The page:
Linguist Accused of Giving Military Secrets to Lebanese Man

WASHINGTON (CN) — Federal prosecutors on Wednesday announced espionage charges against a Defense Department linguist accused of giving classified national security information to a Lebanese man with possible ties to Hezbollah.

Prosecutors claim Mariam Taha Thompson, 61, accessed classified information about U.S. intelligence sources, including their real names and other biographical data, and gave the information to another person authorities believe has ties to the designated terrorist organization based in Lebanon.

The Pentagon in Washington, headquarters of the U.S. Defense Department. (AP file photo/Charles Dharapak)

Thompson, of Rochester, Minnesota, also allegedly relayed information one source had given to the United States and details on how U.S. assets were collecting their intelligence. In addition, prosecutors say she passed along a warning to one person affiliated with a different terrorist organization that they were a U.S. target.

Authorities discovered a handwritten note containing classified information under Thompson’s mattress during a court-authorized search of her room at a U.S. facility in Erbil, Iraq. In interviews after her arrest, Thompson said she would jot down classified information she accessed and then share it via a secure video chat on her cellphone, according to an affidavit in support of a criminal complaint filed in Washington, D.C., federal court Wednesday.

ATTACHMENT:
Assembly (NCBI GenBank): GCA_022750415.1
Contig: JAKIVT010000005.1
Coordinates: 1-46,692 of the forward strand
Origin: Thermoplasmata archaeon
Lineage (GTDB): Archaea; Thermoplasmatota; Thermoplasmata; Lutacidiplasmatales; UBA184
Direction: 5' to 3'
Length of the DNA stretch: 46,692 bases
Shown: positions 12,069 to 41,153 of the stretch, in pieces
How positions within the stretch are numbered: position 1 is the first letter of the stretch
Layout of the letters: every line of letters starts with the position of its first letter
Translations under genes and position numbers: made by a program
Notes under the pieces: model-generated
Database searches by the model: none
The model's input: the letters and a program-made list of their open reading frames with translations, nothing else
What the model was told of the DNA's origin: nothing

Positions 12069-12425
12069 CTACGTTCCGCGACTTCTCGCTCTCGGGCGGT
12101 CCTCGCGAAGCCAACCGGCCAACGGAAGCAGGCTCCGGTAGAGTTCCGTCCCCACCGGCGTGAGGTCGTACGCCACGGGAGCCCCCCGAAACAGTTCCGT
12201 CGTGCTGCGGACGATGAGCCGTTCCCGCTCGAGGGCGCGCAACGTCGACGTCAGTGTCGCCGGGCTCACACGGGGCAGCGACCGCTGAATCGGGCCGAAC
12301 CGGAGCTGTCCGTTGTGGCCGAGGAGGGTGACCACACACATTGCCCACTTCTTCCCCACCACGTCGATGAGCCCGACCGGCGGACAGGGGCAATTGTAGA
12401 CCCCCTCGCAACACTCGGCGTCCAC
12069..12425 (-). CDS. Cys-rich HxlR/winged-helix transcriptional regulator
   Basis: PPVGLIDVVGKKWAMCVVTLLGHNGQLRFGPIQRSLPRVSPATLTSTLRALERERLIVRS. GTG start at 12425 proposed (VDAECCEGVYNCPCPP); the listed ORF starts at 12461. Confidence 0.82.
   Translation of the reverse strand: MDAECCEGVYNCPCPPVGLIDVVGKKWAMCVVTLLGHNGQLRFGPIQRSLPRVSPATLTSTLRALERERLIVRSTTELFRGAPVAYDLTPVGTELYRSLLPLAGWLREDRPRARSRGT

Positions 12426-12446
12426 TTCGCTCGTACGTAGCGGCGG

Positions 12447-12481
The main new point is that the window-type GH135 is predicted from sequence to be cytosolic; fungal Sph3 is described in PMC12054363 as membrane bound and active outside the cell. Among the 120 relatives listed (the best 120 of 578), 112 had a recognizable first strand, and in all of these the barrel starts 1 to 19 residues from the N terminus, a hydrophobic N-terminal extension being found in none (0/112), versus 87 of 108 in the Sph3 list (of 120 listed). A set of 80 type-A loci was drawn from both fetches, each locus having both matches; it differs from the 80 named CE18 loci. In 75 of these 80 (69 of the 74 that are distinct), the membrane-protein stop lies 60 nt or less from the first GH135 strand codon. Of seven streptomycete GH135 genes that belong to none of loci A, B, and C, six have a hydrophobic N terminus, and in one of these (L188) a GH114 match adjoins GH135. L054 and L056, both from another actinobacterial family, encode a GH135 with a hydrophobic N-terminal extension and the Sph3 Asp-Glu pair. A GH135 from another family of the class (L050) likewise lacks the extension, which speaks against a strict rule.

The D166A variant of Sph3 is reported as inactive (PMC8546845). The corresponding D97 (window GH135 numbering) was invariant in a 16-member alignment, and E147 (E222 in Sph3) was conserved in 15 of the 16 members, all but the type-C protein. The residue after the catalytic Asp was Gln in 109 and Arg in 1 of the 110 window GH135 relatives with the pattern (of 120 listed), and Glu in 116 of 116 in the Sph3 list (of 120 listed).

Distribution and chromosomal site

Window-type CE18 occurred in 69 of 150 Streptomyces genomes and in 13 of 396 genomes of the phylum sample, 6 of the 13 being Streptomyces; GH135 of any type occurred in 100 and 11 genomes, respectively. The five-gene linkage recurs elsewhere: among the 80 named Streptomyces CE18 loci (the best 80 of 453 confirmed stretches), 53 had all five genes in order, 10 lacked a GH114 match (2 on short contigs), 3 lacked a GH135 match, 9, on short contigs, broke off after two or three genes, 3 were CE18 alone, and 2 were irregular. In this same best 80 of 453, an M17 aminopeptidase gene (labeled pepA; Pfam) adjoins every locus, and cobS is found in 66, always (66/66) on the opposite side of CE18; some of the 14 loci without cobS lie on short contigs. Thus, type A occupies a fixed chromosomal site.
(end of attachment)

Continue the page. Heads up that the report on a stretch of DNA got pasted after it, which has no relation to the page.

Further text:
“While in a war zone, the defendant allegedly gave sensitive national defense information, including the names of individuals helping the United States, to a Lebanese national located overseas,” John Demers, assistant attorney general for national security, said in a statement Wednesday. “If true, this conduct is a disgrace, especially for someone serving as a contractor with the United States military. This betrayal of country and colleagues will be punished.”

Prosecutors say there was a “notable shift” in how Thompson was using Defense Department classified networks starting on the day protesters rushed the U.S. embassy in Iraq while demonstrating against U.S. strikes on Iranian forces in the country.

From late December until Feb. 10, Thompson allegedly accessed 57 files about eight sources that she had no legitimate reason to access, according to the affidavit.

Data from the alleged Lebanese co-conspirator’s internet account showed pictures of Hezbollah Secretary General Hassan Nasrallah and a picture used as the cover image for a group he joined that had “Hezbollah” written in large letters.

When asked about his association with a terror organization in an interview after her arrest, Thompson was not clear on whether her alleged co-conspirator was affiliated with Hezbollah, or with Amal, a Lebanese political party allied with Hezbollah.

The U.S. designated Hezbollah a terrorist organization in 1997.

Thompson was arrested on Feb. 27 in Iraq and will make an initial appearance Washington, D.C., federal court on Wednesday. She faces life in prison if convicted of the charges.

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